As Theresa May announces austerity is over, James O’Brien pulls apart the bullshit about it from her and the media [AUDIO]
Theresa May has announced that a Conservative government will look at ending austerity. But while the mainstream media reported that it signalled the party responding to “public concerns”, LBC host James O’Brien took the press, and the Tories, to task over the cuts of the past seven years.
“Rearranging the deckchairs on the Titanic”
O’Brien was discussing both May’s announcement that there may be a halt to public sector cuts, along with the news that inflation has risen to 2.9%. And he was also talking about it in the context of Brexit. The LBC host said that:
We’re still in this weird, delusional denial that… it’s all going to be fine. Why are we in a weird, delusional denial that everything is going to be fine? Because those newspapers kept telling us. And yet, for a significant swathe of the nation, utterly unrepresented by mainstream media… these conversations must sound like we’re rearranging the deckchairs on the Titanic.
Playing dress up
He then went on specifically to take the media to task over its reporting of the past seven years:
I think that billionaire newspaper owners… encourage an editorial line in their newspapers that benefits billionaire media owners more than anybody else. But, of course, they dress it up as us being on the winning side:
‘Look, here’s a really unfair system but you’re going to be one of the beneficiaries of the unfairness so what do you think of unfairness now?’
‘Ye-hay! More unfairness! I’m on the winning side!’
You haven’t had a pay rise for seven years. The price of every single thing you buy has gone up and is going up further. You haven’t had a pay rise for seven years.
‘Yeah, but, y’know, Labour? There was no money left. You remember that note he left… There was no money!’
Yeah. But there’s even less now…
Presiding over misery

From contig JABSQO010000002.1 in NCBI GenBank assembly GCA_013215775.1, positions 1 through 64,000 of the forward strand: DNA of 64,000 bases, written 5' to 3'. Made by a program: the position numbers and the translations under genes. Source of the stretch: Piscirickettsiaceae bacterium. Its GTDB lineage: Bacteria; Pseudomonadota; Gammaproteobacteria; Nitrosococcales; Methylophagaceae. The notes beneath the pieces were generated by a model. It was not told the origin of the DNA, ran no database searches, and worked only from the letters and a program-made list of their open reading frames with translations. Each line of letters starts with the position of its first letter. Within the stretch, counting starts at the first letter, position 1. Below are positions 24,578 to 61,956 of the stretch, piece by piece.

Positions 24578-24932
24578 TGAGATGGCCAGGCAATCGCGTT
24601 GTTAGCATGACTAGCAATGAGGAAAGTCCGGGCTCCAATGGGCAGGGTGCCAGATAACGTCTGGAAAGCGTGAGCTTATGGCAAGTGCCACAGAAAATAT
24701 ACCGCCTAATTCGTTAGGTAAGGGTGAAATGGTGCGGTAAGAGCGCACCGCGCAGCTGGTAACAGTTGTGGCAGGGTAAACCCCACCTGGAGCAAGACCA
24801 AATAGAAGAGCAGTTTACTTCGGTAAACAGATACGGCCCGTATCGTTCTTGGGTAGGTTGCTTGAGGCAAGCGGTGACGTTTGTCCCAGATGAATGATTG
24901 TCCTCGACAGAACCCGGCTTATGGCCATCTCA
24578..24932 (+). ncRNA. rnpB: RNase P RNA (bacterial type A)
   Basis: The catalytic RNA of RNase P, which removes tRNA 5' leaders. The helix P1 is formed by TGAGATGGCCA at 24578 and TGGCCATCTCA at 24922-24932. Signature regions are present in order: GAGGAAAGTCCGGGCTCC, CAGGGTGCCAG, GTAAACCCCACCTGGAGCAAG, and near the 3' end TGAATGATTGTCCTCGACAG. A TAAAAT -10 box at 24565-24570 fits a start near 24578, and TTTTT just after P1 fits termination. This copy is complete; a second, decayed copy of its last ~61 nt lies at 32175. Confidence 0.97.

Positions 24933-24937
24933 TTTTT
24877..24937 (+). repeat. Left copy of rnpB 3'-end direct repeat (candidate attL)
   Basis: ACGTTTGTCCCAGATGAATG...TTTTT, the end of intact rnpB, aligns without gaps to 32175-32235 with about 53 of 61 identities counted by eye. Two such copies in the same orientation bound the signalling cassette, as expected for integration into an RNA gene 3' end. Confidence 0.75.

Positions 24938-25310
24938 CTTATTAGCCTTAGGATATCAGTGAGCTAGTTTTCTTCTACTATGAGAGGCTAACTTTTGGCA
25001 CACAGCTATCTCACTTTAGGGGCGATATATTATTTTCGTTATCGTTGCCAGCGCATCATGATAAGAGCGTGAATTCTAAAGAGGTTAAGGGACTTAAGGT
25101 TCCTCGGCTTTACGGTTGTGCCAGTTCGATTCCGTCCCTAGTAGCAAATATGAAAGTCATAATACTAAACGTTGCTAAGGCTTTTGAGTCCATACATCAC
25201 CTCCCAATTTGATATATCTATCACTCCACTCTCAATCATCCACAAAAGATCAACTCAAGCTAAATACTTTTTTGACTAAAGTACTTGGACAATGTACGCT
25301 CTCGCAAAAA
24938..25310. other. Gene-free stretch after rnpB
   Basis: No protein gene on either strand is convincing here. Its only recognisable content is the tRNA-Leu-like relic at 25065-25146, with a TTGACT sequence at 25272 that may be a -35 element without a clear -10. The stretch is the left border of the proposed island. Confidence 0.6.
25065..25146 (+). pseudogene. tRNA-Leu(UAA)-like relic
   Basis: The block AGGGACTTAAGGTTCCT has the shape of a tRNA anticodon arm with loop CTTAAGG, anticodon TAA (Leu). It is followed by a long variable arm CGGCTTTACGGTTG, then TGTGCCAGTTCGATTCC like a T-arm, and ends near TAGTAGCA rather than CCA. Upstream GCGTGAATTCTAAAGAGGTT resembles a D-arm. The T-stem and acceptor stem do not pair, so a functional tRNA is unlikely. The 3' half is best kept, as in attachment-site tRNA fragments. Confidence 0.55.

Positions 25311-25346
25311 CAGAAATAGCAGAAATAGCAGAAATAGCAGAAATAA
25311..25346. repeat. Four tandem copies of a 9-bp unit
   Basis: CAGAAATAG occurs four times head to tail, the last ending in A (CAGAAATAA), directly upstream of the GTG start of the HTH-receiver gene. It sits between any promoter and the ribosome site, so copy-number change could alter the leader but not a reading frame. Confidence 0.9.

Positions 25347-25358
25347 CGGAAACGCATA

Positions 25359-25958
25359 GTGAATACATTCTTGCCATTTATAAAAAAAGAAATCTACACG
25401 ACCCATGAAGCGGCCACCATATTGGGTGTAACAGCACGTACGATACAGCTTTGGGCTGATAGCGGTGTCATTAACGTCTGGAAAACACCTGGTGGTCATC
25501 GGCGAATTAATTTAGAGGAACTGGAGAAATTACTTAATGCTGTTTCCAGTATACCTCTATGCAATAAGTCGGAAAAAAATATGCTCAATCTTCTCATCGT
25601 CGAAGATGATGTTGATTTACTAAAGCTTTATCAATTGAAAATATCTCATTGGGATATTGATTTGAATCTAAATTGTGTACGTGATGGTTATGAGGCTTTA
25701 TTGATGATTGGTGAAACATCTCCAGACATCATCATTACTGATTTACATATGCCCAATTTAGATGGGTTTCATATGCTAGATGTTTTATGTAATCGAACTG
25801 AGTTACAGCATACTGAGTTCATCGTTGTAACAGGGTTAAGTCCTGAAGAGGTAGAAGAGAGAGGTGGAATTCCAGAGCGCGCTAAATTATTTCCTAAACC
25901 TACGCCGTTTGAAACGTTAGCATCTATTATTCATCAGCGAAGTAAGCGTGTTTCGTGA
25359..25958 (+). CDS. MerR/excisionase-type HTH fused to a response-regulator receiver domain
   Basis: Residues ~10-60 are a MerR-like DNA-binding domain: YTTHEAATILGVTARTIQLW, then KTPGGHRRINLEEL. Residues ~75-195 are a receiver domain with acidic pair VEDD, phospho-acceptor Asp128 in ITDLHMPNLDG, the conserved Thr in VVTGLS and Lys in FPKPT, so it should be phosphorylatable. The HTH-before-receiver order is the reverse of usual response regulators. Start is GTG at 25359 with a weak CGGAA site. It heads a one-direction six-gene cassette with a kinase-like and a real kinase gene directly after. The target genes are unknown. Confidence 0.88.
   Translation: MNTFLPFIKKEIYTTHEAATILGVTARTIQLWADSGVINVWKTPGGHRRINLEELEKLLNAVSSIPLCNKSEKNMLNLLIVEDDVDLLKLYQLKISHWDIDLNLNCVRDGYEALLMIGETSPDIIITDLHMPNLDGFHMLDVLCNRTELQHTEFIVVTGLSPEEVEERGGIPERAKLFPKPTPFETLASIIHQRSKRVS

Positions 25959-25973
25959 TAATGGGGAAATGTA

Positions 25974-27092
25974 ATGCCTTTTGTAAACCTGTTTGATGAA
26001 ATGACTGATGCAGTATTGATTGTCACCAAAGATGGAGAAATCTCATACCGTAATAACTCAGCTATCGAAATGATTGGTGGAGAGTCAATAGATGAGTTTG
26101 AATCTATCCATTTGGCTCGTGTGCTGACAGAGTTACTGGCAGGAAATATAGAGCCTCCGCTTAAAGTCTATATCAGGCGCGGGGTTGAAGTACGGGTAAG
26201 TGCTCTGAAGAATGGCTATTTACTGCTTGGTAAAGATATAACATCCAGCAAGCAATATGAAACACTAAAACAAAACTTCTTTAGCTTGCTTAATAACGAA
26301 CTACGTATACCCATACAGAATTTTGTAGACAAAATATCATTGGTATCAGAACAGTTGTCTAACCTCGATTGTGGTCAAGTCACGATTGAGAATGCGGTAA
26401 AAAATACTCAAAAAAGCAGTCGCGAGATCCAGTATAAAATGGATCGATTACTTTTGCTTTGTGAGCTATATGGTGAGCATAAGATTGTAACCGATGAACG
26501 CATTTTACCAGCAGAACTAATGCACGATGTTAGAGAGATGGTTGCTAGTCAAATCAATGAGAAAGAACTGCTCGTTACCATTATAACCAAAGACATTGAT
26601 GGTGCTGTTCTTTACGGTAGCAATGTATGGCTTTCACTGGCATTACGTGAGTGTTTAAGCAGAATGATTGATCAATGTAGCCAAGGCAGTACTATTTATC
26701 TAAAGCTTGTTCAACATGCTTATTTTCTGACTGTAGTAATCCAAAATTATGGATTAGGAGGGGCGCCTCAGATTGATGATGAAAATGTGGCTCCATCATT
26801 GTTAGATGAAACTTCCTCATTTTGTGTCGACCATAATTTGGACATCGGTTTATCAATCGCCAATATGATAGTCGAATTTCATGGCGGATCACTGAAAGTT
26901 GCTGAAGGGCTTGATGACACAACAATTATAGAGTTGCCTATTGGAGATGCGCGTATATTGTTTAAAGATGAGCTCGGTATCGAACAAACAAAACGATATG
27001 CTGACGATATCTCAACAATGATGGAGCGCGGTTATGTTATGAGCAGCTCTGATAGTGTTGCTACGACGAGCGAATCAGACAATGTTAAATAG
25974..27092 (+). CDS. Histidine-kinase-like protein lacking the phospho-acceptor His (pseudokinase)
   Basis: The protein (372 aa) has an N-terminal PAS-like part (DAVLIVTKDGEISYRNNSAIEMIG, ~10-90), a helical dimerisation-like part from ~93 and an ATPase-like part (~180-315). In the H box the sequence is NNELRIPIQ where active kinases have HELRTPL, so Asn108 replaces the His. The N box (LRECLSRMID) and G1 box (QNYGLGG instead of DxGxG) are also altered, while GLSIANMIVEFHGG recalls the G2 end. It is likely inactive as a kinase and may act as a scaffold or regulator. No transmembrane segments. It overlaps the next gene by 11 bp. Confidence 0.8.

He then went on to make a salient point about May:
I find it despicable… for a politician who was Home Secretary throughout that period of austerity to now say ‘Oh yeah, we’re going to try something else now’… And George Osborne is still grinning in the Editor’s office over at The London Evening Standard.
Here’s O’Brien’s speech in full:
May’s Tories: a history of violence
It is worth remembering that, since the Tories first came to power in the 2010 Coalition government:
- 400,000 children are now living in poverty, a figure which rose by 100,000 in 2015/16. 67% of those are from working families.
- Food bank usage has risen, with potentially over half a million people reliant [paywall] on just the Trussell Trust for food packages.
- In two reports, the UN heavily criticised the Tories for “grave” and “systematic” violations of disabled people’s human rights. The government, meanwhile, has severely cut disabled people’s benefits.
- Public sector pay increases have mostly been capped [paywall] at 1%.
- National debt has increased by more than 50%.
- Homelessness has risen by 54%.
- Corporations have seen tax cuts [pdf] while the tax gap is around £120bn per year.
- The NHS has seen a real terms cut in the amount of money given to it per patient. The amount of NHS money paid to ‘independent’ companies, meanwhile, has more than doubled to £8bn a year.
- The government has cut the number of people getting social care by 26%. And it has cut £50m from children’s mental health services.
In a gradually heating bath tub, you’d be boiled to death before you knew it
O’Brien concluded by saying that:
I reckon the disability benefits cuts will, to historians of the future, look positively Victorian in their callousness. And we’ve spoken about it, what, together – three, four times? It’s pathetic. I’ve let you down and I’m very sorry.
But the LBC presenter is probably being too harsh on himself. Because while he has been an honest and open commentator on the failings of the Conservative government, much of the media should bear some responsibility for the suffering of the past seven years. Sadly, with the Tories’ now apparent ‘softening’, our ‘free’ press will probably try and sell that to us as something positive as well. We have been warned:
On #EmpathyDay should we be feeling empathy for the likes of Theresa May, who had a 'hard' week, last week? Please nb from #TheHandmaidsTale pic.twitter.com/FJa1qMZoNh
— Steve Topple (@MrTopple) June 13, 2017
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